Exploiting inter-fraction motion Researchers are using a MRIdian MR-linac to investigate a new type of radiotherapy known as adaptive fractionation. (Courtesy: ViewRay)

With MR-linacs, radiation therapy clinics can monitor and account for organ motion by imaging a patient and modifying their treatment plan while the patient is on the treatment table. This type of radiation therapy, called adaptive radiotherapy, delivers the same prescription dose in each treatment fraction. Researchers at the University Hospital of Zurich (USZ) are among several groups that have studied how to optimize the amount of dose delivered to a patient in each fraction – an approach they’ve dubbed adaptive fractionation.

Traditionally, clinicians have accounted for inter-fraction motion with treatment margins and by adjusting contours. Jan Unkelbach, a professor of medical physics research at USZ, says that when USZ installed an MR-linac in 2019, he wanted to push the boundaries of adaptive radiotherapy. In treatments of abdominal lesions, the USZ clinic observes inter-fraction motion on the order of a few millimetres, which can compromise tumour coverage and is accounted for using current adaptive radiotherapy techniques.

“We wanted to make use of the new imaging information that the MR-linac gives us every day, and we wanted to pursue something that goes beyond adaptive radiotherapy as performed in the clinics today,” Unkelbach says. “Adaptive fractionation is one approach to exploit inter-fraction motion rather than only compensating for it.”

The researchers say that they take advantage of inter-fraction motion by upscaling or downscaling the prescribed dose on each day’s treatment plan. A patient receiving adaptive fractionation treatments would be prescribed a larger radiation dose on days when the separation between a tumour and organs-at-risk (OARs) is large. Correspondingly, they would receive a smaller radiation dose on days with smaller tumour–OAR separation.

One of the challenges of adaptive fractionation is that while clinicians know the inter-fraction motion on a given day and the dose that has been delivered so far, they don’t know what will happen on subsequent days and fractions.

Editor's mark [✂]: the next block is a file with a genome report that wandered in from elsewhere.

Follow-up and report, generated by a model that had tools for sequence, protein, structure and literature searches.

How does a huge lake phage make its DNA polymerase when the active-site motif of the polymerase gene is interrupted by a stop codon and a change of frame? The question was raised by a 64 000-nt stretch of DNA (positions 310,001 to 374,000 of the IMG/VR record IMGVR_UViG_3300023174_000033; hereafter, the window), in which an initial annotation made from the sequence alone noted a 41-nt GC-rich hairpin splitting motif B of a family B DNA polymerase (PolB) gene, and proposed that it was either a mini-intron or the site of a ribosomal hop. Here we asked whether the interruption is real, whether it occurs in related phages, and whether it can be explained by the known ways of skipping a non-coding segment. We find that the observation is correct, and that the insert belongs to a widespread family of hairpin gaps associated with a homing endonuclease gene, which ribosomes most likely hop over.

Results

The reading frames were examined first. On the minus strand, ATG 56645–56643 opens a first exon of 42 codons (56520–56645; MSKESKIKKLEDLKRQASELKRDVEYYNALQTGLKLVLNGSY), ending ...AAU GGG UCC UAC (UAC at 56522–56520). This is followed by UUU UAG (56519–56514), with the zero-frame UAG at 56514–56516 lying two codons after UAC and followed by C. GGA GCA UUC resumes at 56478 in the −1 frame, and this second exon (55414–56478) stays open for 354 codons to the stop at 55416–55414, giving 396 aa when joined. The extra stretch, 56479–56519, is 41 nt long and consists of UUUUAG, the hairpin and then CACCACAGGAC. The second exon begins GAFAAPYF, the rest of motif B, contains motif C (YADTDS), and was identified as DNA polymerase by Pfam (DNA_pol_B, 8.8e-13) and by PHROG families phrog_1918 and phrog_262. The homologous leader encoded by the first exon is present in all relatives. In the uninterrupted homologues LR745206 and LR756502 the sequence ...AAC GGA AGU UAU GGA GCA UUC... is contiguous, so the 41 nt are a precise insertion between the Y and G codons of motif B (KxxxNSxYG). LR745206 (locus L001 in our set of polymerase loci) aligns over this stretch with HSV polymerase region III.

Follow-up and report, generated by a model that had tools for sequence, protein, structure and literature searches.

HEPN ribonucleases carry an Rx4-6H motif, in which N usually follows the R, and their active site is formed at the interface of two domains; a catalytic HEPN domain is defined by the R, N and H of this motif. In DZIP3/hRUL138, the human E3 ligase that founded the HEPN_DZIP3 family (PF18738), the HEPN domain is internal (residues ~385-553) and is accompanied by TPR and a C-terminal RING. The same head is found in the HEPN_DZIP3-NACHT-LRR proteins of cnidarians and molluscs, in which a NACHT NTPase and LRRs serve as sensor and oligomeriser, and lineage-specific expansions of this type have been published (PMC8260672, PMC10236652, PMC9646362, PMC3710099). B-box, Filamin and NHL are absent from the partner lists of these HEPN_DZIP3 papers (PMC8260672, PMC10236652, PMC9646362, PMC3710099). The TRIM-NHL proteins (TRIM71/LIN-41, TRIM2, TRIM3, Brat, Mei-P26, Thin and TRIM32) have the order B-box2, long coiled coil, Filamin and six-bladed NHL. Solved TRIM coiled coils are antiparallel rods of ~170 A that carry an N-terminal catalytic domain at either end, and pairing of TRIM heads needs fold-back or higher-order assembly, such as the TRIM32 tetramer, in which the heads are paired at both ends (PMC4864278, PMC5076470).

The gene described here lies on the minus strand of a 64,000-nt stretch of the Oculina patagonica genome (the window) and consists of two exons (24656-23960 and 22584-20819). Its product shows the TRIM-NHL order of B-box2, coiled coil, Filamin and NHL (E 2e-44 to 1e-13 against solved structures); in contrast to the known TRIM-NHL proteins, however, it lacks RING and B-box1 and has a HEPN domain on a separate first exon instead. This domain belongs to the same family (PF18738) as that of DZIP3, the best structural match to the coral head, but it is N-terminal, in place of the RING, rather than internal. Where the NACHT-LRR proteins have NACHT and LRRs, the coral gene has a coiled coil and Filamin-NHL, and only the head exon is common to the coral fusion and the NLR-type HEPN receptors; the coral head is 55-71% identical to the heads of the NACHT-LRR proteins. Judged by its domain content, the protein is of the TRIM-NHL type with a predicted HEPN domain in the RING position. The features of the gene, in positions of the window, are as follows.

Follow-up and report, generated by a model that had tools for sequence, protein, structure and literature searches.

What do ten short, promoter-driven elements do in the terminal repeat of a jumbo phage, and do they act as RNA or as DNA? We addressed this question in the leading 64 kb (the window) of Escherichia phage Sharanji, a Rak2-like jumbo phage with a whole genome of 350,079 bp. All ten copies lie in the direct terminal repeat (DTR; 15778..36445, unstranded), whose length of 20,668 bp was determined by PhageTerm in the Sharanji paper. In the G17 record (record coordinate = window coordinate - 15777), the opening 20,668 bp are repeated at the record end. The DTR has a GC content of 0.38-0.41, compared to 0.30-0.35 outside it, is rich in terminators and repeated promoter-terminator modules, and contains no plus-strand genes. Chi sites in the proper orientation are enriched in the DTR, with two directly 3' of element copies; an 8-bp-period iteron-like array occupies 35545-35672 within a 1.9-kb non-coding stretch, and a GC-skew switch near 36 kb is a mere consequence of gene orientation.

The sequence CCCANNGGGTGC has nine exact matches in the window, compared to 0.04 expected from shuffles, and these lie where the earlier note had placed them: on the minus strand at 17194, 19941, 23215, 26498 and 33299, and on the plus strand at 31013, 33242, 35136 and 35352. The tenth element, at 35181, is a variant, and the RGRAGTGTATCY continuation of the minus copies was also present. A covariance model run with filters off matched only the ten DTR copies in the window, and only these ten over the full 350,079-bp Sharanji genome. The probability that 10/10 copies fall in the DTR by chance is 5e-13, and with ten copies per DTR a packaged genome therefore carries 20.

“This is exactly the big problem we tried to solve by using methods from the field of stochastic optimal control. By using patients from the same population [in our studies], we can model what we expect to see in the future, and we can compute this optimal dose based on the probability distribution of future organ and tumour anatomy,” explains Yoel Pérez Haas, previously a graduate student in Unkelbach’s group when he led their first adaptive fractionation studies.

The algorithm developed by the researchers assumes that a classic biologically equivalent dose (BED) model can be extended to an adaptive fractionation application, and that cumulative BED at the end of treatment is given by the sum of BED values in individual fractions. Parameters of the probability distribution are updated in each fraction following a patient’s daily MRI scan.

Pérez Haas used the algorithm to retrospectively analyse 16 five-fraction abdominal stereotactic body radiotherapy (SBRT) treatments delivered on the MR-linac system. Inter-fraction motion was modelled by sparing factors that describe how much dose a dose-limiting organ receives compared with the tumour and which the researchers used to adjust prescription dose on a fraction-by-fraction basis. BED metrics were used to quantify benefits to escalating tumour dose on a large separation day and suggest improvements over standard fractionation.

The researchers’ preliminary results suggest that only a few patients might show enough motion to significantly benefit from adaptive fractionation. But integrating adaptive fractionation into clinical workflows is worthwhile if it improves treatment outcomes in even a small number of patients, Unkelbach says.

Is the MR-linac the future of adaptive radiotherapy?

Important issues remain to be addressed. For example, patients who would have benefited most from the group’s adaptive fractionation scheme would have received larger doses of radiation in a single fraction (more than 20 Gy) than clinicians would be comfortable delivering. The researchers’ algorithm also does not account for uncertainties in dose delivery. It’s also not yet known how patients who might benefit from adaptive fractionation would be identified.

The researchers are currently exploring ways to identify such patients, and they are extending their algorithm to include clinical constraints, including the maximum and minimum dose that can be delivered in a single fraction. They are also conducting a larger retrospective study to see if their results hold in a larger cohort.

For more information, read the study in .